Abstract and Keywords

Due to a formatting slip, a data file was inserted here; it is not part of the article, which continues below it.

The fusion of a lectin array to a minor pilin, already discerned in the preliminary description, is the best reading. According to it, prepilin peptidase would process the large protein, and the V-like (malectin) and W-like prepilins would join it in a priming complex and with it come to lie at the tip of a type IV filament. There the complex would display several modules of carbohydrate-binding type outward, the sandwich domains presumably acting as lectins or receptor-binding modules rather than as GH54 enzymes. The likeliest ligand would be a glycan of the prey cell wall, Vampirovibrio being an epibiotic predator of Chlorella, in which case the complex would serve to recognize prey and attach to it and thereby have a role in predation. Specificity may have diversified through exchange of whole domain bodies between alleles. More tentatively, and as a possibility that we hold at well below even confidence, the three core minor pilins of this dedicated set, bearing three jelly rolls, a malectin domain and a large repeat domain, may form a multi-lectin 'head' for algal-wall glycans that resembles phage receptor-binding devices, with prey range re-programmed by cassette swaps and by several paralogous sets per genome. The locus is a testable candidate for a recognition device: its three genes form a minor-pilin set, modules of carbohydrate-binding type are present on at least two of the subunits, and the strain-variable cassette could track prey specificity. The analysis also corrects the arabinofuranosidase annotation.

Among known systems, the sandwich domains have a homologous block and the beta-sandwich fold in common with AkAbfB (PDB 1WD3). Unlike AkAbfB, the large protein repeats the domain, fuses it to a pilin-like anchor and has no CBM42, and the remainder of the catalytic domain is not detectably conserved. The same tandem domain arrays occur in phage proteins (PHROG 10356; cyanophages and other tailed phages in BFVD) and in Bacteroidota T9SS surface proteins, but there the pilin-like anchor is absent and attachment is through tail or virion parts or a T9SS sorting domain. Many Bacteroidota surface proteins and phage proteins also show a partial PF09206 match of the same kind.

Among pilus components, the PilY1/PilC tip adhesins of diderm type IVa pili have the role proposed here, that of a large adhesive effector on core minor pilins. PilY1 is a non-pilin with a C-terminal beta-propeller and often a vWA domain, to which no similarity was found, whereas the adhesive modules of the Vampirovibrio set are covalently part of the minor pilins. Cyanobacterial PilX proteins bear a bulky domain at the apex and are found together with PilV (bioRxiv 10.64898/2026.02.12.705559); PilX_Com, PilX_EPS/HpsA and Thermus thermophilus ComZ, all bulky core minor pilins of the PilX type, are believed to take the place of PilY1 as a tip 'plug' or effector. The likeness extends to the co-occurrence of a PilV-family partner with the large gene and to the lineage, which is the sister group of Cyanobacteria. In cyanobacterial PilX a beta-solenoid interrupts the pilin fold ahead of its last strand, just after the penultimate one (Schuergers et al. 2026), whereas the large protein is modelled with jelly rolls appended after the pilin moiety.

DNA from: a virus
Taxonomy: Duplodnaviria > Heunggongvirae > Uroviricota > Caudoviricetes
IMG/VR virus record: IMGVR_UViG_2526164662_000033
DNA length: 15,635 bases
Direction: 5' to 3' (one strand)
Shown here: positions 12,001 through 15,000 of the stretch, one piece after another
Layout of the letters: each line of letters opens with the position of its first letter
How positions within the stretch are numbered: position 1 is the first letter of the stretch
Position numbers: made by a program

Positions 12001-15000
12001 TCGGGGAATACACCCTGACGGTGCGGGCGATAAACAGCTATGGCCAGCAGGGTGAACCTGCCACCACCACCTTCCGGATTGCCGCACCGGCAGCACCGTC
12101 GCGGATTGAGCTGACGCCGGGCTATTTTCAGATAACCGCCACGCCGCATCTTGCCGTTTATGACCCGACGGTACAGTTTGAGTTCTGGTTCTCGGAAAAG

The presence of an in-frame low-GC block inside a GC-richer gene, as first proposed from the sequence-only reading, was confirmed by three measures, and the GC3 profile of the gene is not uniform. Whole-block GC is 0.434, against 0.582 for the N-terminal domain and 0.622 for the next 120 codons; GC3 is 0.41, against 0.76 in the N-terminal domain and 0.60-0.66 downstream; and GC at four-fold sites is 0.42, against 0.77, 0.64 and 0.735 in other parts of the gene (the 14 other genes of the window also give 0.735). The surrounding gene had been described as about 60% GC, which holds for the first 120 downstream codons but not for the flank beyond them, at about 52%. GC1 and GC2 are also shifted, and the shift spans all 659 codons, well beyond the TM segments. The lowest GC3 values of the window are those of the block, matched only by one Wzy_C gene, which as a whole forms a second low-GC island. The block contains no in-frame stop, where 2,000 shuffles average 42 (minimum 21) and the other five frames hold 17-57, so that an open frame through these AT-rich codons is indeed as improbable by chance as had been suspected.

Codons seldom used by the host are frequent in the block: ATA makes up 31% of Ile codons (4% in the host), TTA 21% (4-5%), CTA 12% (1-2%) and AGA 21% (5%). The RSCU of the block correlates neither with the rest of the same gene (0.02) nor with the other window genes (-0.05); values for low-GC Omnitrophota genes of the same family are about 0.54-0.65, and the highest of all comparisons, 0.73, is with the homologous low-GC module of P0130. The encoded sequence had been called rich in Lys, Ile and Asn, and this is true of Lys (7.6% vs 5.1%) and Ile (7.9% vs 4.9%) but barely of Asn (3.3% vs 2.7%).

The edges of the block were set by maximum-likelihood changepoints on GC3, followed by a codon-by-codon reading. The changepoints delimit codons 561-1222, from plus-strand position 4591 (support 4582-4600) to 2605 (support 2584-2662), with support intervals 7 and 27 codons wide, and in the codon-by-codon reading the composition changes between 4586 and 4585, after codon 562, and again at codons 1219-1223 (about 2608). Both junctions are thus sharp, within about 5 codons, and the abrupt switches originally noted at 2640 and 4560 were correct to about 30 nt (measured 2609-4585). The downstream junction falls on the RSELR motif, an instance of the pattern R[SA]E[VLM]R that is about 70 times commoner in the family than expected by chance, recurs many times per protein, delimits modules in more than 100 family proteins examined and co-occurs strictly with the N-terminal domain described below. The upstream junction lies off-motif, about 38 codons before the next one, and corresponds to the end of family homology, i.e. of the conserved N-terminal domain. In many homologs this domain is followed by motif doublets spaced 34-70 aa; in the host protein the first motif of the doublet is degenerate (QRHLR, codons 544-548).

In the aftermath of the two world wars of the twentieth century, the general aspiration of the community of nations has been to put a definitive ending to that kind of catastrophe, and to establish a set of international rules and mechanisms to avoid their re-emergence. The result was the Charter of the United Nations, formally adopted in San Francisco on 26 June 1945, even before the end of the Second World War. The UN Charter remains till now the main legal instrument, including specific rules and related bodies, about the international use of force, its limitations, and enforcement thereof. The Charter had been preceded by several decades of efforts leading to a general prohibition of war in international relations among states. The Versailles Treaty in 1919, which included the Covenant of the League of Nations, made some moves in that direction, and was completed ten years later by the Briand–Kellogg pact (1928), banning war for national interest purposes.
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